He tended to my health care needs and oversaw my prescription medication. He was a lovely man and I was sad to hear he has now passed away.

I encountered the biggest problems with seizures whilst I was at college in my late teens and early 20’s. I had moved away from my home hospital in Wales and after a couple of years ended up in England.

There did not seem to be any plan for who would oversee my medication and epilepsy care. I think on reflection that this was at a time when there were no National Institute of Clinical Excellence (NICE) guidelines for epilepsy care (2)(3) in the UK. Through organisations like Epilepsy Action (4) awareness of the importance of epilepsy care has also grown amongst health care professionals.

My GP (General Practitioner) in England was in charge of my medication and decided to change it. The change was made (as it always is) in my best interests. When I had a significant deterioration in seizure control because of the new medication it took 2 years for me to be assigned to a Consultant Neurologist in a different county in England.

England has different health care arrangements by different County’s much like Wales, but these shift depending on where the specialist services are located.

The consultant who I was assigned to was an expert in his field, but he had a LOT of patients and not a lot of time for me. This experience was not a positive one.

I moved from one county in England to another county, and despite significant problems with seizures there really wasn’t much help from my then neurologist because he just gave me more and more medication which didn’t work.

It is difficult not to want to apportion blame, but I have come to the conclusion that when things go wrong rather than being one person’s fault it is in fact a huge system failure that by and large results in poor health care.

I think that medication is seen as the cheapest option and therefore, for a lot of people the only one.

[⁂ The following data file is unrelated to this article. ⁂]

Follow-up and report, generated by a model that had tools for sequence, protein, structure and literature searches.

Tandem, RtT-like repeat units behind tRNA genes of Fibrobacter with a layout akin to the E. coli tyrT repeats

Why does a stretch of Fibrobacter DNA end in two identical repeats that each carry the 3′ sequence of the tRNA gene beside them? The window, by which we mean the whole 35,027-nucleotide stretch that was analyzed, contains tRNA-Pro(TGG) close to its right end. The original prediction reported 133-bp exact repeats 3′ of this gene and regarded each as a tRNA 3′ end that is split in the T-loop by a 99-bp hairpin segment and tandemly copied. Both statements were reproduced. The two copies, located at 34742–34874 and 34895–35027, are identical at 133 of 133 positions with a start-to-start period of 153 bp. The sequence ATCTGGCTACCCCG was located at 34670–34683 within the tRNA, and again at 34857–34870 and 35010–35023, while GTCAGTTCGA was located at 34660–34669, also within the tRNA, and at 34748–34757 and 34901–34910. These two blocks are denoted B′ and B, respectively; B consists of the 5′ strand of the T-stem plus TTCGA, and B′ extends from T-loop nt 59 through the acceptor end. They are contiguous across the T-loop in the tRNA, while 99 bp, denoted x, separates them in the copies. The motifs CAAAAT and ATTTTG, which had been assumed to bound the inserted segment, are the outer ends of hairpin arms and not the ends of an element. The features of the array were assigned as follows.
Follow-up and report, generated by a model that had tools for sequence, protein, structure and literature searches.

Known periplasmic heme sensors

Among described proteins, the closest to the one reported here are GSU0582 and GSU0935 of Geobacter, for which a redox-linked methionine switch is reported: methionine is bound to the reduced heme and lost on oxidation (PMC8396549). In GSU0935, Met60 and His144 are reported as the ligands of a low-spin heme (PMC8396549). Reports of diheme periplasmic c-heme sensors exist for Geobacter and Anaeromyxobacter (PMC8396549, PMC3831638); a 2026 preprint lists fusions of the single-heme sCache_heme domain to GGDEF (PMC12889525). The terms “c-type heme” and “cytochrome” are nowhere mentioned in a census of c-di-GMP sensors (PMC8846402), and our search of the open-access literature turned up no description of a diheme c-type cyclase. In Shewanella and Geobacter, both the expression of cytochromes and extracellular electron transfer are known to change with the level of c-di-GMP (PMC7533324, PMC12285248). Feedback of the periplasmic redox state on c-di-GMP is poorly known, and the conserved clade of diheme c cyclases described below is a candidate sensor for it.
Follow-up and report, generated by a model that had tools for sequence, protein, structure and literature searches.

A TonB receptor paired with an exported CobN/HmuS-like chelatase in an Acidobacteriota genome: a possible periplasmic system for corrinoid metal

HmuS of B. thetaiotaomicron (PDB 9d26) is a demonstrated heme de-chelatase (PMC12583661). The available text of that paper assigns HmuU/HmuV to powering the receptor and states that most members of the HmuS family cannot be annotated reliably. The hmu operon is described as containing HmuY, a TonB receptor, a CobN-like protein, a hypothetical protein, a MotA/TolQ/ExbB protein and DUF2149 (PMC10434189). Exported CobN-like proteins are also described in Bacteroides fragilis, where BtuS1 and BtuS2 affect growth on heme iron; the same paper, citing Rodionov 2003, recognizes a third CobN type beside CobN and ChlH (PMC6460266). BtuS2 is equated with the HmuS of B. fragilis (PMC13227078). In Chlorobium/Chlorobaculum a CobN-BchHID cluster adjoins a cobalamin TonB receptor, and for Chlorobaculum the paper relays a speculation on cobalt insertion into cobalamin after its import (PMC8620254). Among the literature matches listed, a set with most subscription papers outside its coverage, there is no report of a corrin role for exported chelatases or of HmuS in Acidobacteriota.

Finally after some years, my GP decided to take action and referred me to a new Neurologist. This is the one I see to this day. I hold him in high esteem and think he is very thorough. He does listen to me, even though we have differences in opinion.

The problem with this was we had to start from scratch.

He left no stone unturned in the search for my brain squiggles (EEG), and although it took years for him to confirm that I am indeed epileptic, at least I now have closure on this. It made me highly anxious that there may have been some possibility that I could have a brain tumour, scar or be so deeply troubled that I might be able to lose consciousness and go blue and have convulsions all by myself. Then there were the lights, headaches, myoclonic jerks and medication side effects as well as partial seizures.

I could access the epilepsy nurse under my Neurological Consultant in England.

I will never be able to thank my neurologist enough for removing most of my medication.

I can now think.

But it wasn’t over there.

I am now back in Wales and continued to see my neurologist in England without any problems for several years. I did not have an epilepsy nurse, but that didn’t matter so much because I was assigned to a specialist neurologist.